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Omarion vows to retire B2K songs penned by R. Kelly after tour

REVOLT TV

 // Jan 7, 2019

AR Press // Atlantic Records

On Thursday (Jan. 3), Lifetime's six-part docuseries, "Surviving R. Kelly," made its televised debut and took music fans (and social media timelines) across the nation by storm. The documentary, which centers around the sexual abuse allegations being made against the R&B singer and features interviews with over 50 people, has garnered reactions from a handful of R&B artists including Tank, Ne-Yo and, most recently; Omarion.

In a new series of tweets posted on Sunday (Jan. 6), Omarion publicly denounces R. Kelly, as well as vowed to retire their collaborative offerings. However, the singer has decided to wait until after the upcoming B2K tour to do so.

"As an artist & a champion of the arts, I am moved to share my position on #SurvivingRKelly which I haven't seen but felt compelled to voice my position on this very serious issue since #rkelly has written songs for #B2K," Omarion shared on Twitter, writing a series of posts on the subject. "His artistic genius inspired us all. His music is being muted by the darkness of his actions. The dark always comes to light."

Omarion, then, noted that in order to avoid disappointing fans; the group will still perform the Kelly-penned tracks, "Girlfriend," "What A Girl Wants" and "Bump, Bump, Bump," which appeared on 2002's Pandemonium! album.

"After the tour, I am retiring those songs from my set list. I too am raising a future queen," Omarion added.

Another former collaborator of Kelly's, Chance the Rapper, has found himself under fire due to comments he made during an interview segment that aired as part of the docuseries.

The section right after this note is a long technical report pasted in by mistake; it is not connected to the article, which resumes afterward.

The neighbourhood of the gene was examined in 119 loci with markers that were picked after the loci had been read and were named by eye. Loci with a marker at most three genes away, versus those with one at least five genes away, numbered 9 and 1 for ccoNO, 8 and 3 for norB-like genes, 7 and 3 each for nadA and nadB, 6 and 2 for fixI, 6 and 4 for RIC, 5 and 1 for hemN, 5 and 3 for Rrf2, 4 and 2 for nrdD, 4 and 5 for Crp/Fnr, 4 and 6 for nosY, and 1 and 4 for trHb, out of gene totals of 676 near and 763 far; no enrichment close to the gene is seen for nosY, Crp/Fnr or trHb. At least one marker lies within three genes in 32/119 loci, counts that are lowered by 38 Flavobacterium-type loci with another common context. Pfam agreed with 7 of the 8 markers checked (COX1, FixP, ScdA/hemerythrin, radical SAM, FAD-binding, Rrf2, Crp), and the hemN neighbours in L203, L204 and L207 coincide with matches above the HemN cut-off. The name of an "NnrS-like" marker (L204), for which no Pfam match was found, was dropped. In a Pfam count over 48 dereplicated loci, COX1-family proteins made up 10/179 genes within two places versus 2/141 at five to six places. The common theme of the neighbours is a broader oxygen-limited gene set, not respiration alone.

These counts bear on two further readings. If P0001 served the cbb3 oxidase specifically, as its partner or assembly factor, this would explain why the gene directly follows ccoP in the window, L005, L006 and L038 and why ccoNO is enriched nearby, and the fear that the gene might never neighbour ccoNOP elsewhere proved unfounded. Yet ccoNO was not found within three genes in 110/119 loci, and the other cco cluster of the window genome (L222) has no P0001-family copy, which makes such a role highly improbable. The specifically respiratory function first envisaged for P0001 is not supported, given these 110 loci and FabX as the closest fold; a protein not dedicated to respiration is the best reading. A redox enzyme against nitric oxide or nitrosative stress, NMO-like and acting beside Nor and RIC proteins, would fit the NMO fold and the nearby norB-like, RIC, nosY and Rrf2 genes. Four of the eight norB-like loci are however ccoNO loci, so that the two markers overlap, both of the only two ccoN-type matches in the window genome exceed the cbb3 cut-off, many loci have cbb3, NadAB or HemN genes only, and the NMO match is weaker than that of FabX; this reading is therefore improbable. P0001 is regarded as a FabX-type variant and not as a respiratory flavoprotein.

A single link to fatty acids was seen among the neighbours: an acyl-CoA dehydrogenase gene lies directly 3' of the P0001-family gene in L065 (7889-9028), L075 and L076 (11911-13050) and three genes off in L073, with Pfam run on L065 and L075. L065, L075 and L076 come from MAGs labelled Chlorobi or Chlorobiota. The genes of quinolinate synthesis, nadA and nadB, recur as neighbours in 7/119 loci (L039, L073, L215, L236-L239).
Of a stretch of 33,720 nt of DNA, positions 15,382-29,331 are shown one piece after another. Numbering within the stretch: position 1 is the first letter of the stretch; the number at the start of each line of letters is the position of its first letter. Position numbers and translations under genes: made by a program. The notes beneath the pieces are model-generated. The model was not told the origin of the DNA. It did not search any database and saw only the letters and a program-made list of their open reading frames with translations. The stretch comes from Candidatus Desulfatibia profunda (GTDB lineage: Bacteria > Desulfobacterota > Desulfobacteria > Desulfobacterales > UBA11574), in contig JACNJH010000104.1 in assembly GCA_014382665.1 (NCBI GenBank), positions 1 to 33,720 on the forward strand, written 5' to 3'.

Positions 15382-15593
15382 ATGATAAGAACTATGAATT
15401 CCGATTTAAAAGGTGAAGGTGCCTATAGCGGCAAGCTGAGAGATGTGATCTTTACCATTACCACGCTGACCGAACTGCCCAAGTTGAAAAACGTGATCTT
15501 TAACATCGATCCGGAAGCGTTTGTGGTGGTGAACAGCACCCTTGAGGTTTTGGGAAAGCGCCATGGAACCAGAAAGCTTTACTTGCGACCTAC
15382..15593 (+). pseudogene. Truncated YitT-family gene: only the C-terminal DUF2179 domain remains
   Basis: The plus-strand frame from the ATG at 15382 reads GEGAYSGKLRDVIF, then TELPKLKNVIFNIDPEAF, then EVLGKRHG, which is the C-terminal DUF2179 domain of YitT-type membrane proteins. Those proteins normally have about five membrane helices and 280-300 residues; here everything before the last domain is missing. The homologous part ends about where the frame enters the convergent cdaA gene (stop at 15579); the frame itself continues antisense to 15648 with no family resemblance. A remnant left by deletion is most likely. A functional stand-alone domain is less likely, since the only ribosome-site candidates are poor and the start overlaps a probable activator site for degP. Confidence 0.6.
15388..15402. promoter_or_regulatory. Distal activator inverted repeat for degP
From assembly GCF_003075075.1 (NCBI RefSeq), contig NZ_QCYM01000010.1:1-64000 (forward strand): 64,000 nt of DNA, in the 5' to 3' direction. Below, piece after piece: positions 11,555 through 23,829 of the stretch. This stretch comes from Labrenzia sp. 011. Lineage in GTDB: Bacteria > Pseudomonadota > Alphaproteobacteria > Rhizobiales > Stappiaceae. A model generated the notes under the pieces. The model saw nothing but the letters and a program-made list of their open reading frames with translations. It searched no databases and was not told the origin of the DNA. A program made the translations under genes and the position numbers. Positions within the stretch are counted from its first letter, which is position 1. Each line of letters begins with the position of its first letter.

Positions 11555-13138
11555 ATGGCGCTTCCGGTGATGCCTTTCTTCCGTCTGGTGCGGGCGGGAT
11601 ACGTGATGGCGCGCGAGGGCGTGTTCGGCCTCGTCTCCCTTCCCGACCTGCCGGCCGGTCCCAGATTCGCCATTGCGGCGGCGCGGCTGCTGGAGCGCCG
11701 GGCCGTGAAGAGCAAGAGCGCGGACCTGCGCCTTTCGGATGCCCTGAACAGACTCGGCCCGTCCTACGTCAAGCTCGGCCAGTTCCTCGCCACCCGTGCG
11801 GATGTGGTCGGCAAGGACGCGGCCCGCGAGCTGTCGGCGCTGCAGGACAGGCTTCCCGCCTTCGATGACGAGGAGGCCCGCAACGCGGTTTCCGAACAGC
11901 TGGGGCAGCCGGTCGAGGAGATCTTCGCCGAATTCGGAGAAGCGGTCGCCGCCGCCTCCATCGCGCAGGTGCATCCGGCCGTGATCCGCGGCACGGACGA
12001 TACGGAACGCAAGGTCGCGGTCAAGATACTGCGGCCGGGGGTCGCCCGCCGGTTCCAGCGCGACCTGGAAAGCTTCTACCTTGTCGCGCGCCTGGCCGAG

He has since clarified that his comments were taken out of context and issued an apology to fans, while addressing the matter.

"The quote was taken out of context, but the truth is any of us who ever ignored the R Kelly stories, or ever believed he was being setup/attacked by the system (as black men often are) were doing so at the detriment of black women and girls," the rapper shared on Twitter (Jan. 5). "I apologize to all of his survivors for working with him and for taking this long to speak out."

The interview in full offers more insight into Chance's thought process and has since been shared widely online.

"We're programmed to really be hypersensitive to black male oppression," Chance says in the original clip. "But, black women are exponentially [a] higher oppressed and violated group of people just in comparison to the whole world. Maybe I didn't care because I didn't value the accusers' stories because they were black women. Usually, n—s that get in trouble for s—t like this on their magnitude of celebrity, it's light-skinned women or white women. That's when it's a big story. I've never really seen any pictures of R. Kelly's accusers."

As for Kelly himself, the R&B singer claims that while he has not watched the docuseries, he reportedly is planning on "exposing" his accusers as liars on Facebook, one by one. He has also threatened pursuing legal action against the network and filmmakers.

See Omarion and Chance the Rapper's comments on R. Kelly below.

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